Juliette: Even though a lot of these startups- I mean, that example, obviously not one of these that I’m thinking about right now- but startups that are born into a low regulatory environment that is regulators, special interest groups, try to crush that out immediately. And you can see that over and over again in Virginia, for example, Uber and Lyft were banned in like 2014, I think, by the DMV. And they’re still banned in a lot of places where there are caps and things like that because it challenges the old system. Can you tell us about what the biggest opponents are to this model of economy of companies and maybe some examples of what they’ve tried to do to stop these companies?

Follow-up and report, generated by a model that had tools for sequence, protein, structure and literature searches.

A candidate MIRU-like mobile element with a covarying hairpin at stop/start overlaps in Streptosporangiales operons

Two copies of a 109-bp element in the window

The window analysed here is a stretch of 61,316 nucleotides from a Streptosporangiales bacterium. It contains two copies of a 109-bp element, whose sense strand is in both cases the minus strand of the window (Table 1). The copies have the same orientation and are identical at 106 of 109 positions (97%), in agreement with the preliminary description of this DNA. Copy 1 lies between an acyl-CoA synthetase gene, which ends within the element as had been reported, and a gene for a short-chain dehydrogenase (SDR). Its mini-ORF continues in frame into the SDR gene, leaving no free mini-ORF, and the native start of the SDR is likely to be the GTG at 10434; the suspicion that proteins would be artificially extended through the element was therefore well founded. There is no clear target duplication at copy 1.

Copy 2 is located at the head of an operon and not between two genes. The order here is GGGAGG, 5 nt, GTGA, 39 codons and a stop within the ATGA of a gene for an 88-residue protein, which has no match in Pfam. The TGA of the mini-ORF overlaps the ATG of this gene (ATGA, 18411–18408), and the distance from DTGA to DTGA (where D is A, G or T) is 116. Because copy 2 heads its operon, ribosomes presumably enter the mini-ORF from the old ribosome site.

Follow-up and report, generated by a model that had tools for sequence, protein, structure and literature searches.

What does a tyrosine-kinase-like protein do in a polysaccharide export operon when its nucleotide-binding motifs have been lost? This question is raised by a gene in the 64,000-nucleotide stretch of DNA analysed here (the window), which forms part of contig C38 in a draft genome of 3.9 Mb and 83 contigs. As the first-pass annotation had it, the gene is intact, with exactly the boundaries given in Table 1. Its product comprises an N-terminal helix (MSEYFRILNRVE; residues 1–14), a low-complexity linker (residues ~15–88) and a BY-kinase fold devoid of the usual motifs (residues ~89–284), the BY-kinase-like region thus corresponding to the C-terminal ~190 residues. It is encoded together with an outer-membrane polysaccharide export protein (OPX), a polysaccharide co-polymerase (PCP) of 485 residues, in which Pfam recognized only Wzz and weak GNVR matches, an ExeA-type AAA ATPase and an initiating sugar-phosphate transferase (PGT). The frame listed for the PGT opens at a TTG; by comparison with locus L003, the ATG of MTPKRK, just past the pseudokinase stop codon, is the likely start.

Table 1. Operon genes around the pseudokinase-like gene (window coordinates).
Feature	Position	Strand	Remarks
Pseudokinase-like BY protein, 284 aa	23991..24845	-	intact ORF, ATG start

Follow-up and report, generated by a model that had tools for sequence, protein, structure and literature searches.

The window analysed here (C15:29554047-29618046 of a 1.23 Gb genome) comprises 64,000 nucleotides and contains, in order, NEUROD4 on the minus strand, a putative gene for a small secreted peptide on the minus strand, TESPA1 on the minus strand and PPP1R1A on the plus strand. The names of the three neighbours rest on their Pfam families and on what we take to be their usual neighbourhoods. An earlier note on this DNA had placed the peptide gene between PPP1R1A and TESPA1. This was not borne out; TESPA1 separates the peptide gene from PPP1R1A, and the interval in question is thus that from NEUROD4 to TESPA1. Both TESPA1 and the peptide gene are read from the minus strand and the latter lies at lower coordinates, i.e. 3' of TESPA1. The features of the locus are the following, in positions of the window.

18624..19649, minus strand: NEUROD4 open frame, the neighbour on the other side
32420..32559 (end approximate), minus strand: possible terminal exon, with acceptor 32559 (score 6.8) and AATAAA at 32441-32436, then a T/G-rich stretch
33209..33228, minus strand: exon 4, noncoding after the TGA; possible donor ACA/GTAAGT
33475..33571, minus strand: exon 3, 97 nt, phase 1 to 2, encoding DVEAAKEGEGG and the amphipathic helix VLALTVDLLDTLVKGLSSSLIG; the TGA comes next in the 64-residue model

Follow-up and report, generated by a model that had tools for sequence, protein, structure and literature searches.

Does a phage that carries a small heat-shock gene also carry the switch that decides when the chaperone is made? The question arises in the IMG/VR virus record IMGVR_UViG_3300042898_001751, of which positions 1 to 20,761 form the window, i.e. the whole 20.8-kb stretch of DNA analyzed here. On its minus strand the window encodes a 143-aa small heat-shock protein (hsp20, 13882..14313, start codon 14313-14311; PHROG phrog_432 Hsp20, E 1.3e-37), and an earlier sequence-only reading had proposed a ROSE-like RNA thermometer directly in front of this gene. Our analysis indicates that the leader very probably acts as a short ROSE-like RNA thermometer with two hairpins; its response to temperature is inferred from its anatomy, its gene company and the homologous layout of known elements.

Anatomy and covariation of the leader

Liya Palagashvili: Yes. That’s a great question. So let me put it in two different waves of the regulations that are impacting more sharing economy or gig economies, gig economy companies in particular. So the first wave is exactly what you said, which is that they try to do it more on a local level with industry regulations around taxis, for example. So I lived in New York City and that was a huge market for Uber and similar to what happened in different states and different cities in 2015, mayor de Blasio essentially tried to ban Uber completely from New York City. Part of the issue as you pointed out is that there was a large, special interest group in New York City, which is the taxi medallion owners. And you saw the huge impact that Uber had on taxi medallions in New York because you saw the price of taxi medallions just- fall is the wrong word because it’s not strong enough- but it just collapsed when Uber entered and took off. So as a result, you had this group of people that are like, “look, we’ve invested in taxi, medallions. They were really expensive.” I mean, the price of taxi medallions is over a million per medallion. And then the price just crushed, or collapsed, I should say, after Uber entered and really started to take off there. So during that time, like 2014, 2015, 2016, even 2017, all across the U.S., you had these types of developments where city level, sometimes state level, they would try to go in and use the existing regulations, especially around,for-hire vehicles or taxis to try to crush Uber, Lyft, Vias. It all over the U.S. So ultimately it didn’t. Now we’ve come to terms with this, and it’s not really a big fight that they’re having anymore. So you might say like the ride-sharing companies kind of won that particular battle, but now we’re seeing a whole different battle. This is the second wave, which is, it’s not about the taxi medallions or the city regulations around for-hire vehicles and taxis. Now the battle is on these independent workers, these gig economy workers, right? And their labor classification. So in the U.S. As a worker, you can fit into two groups of people. You’re either classified as an employee,or you’re classified as what’s called an independent contractor legally. And Juliette, these are the type of people we were talking about.